What We All Can Learn From Gay Couples

Margie Nichols, Ph.D.By now most people have heard about John Gottman’s research comparing gay and straight couples, publicized a few years back. Gottman, a respected psychologist and researcher, did a study of gay relationships that revealed that for the most part same and mixed sex couples had similar similar levels of relationship satisfaction, similar problems, and coped with the ups and downs of relationship life in the same ways.  There were differences however: same sex couples were more upbeat in the face of conflict, used more affection and humor during fights, and employed fewer hostile, controlling emotional tactics.  (Ouch. To begin with, who sounds like the more mature, responsible type of couple?)

And usually, when people write about the Gottman study, that’s where the narrative about this research ends.  Too bad, because if you look carefully there’s way more here.  I’d like to expand on Gottman’s findings and interpret them, and then add some observations of my own.                        

In addition to these widely reported findings, Gottman also discovered that

“gay and lesbian partners displayed less belligerence, domineering, and fear tactics with each other than straight couples do……fairness and power-sharing between the partners is more important and more common in gay and lesbian relationships than in straight ones.”

Wow, that’s some powerful stuff!  Why would this be so?  Well, the attributes that gay male and lesbian relationships share,  that mixed gender couples don’t have at all is – automatic equality of gender, and similarity of bodies and acculturation.   In same sex relationships, the two partners, whether they were socialized male or female, were socialized the same way about gender.  Neither assumes consciously or unconsciously that they ‘should’ be dominant or submissive to the other.  Neither have reflexive patterns of thinking or reacting that make them assume either a one-up or one-down power position. In short, sexist roles do not exist in same sex relationships.  Gottman’s finding suggests that straight couples still have some work to do on that patriarchy thing.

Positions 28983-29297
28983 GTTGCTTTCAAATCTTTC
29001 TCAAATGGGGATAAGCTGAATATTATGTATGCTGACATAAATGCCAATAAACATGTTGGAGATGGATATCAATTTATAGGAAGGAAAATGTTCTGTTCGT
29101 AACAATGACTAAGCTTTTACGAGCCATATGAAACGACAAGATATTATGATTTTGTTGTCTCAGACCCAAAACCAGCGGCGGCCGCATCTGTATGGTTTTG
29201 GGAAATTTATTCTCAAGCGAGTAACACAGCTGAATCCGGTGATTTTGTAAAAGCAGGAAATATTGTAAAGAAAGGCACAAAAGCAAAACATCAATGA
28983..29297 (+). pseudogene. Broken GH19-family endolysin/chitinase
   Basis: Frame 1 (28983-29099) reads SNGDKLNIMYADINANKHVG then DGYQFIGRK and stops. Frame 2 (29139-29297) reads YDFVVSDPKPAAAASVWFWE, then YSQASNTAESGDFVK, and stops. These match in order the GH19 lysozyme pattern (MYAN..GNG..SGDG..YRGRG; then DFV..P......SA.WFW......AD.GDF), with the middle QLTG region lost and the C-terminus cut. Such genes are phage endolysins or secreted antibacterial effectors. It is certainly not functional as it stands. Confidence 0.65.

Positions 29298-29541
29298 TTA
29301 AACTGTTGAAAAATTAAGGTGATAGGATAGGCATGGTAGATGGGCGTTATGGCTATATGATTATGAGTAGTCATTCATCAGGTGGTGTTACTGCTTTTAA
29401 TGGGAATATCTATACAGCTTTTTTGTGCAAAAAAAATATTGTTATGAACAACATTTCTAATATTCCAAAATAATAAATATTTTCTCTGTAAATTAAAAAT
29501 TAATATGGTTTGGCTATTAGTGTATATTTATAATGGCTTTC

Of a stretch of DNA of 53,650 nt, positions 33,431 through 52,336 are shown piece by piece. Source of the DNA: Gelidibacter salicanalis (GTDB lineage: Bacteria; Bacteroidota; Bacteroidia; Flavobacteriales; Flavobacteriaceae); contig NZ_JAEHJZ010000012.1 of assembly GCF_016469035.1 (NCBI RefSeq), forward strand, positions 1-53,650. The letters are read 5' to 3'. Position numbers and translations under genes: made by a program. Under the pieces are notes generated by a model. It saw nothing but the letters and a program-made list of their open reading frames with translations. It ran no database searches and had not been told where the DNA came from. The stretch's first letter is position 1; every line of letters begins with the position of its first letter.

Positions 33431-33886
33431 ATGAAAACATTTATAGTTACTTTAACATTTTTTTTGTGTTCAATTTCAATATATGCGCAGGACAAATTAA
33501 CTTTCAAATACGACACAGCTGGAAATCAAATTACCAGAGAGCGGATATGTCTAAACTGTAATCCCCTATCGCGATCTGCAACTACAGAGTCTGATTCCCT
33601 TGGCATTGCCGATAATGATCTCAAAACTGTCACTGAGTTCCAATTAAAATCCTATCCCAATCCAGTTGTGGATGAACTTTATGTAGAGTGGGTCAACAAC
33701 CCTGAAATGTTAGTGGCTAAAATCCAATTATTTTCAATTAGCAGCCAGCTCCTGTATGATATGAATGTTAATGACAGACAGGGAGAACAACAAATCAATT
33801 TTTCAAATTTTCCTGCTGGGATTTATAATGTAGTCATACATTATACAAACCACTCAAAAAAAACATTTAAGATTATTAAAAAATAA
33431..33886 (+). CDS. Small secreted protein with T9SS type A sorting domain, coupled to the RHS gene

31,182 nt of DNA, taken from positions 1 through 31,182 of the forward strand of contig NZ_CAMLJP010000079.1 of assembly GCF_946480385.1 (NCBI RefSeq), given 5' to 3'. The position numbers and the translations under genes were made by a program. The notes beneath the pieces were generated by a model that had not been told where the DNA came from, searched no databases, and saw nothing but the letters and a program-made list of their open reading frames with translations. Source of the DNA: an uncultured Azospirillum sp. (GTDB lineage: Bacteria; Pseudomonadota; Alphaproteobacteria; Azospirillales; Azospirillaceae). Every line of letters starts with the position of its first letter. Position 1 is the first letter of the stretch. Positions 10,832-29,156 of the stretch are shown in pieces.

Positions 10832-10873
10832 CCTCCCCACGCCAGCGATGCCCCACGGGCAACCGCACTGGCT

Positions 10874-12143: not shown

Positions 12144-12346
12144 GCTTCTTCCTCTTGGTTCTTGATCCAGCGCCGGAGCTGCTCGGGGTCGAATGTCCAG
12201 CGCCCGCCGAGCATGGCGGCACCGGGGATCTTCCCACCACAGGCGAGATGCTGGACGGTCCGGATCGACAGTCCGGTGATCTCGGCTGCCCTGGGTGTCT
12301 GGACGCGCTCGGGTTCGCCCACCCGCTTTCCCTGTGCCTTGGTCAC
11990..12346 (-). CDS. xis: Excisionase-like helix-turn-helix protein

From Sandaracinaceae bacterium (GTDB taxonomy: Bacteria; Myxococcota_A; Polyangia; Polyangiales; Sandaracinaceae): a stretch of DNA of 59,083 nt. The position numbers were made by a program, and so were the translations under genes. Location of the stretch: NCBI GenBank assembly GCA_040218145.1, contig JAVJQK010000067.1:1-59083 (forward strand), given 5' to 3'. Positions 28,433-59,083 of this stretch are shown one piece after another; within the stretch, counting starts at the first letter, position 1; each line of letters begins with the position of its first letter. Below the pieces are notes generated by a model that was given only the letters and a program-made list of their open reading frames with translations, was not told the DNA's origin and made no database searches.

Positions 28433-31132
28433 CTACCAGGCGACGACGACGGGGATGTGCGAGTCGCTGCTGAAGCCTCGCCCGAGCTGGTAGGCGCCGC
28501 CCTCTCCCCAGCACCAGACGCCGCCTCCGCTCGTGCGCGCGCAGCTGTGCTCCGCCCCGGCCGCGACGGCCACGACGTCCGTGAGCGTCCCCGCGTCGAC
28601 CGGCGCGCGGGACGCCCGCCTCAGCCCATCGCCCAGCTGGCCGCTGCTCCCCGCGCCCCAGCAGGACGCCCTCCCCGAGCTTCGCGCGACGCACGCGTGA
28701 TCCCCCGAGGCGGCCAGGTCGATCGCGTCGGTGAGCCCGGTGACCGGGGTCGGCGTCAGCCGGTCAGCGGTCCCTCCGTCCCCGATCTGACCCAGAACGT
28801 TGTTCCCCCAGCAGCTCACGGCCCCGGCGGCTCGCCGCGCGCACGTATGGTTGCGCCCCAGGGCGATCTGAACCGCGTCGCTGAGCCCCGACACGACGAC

I’m not saying that same sex partners don’t have power struggles or that all of them are egalitarian.  But there is not the ‘automatic’ power differential inherent in differently gendered partners. There is no one who thinks he should be the ‘boss’ of the relationships or that her role is to obey.  No one who feels that housework is her responsibility, even if she works, and no one who doesn’t even think about how the chores of daily living get taken care of.

And – here we also learn some lessons from gay and lesbian parents – no one who automatically assumes that it is her duty and responsibility to stay home with the kids, and nobody who thinks he doesn’t have to participate much in child-rearing.  Not to mention no partner who assumes it is her right to stay home if she wants, and no spouse who feels he must shoulder the bread winner role single handedly if his wife wants to be a homemaker.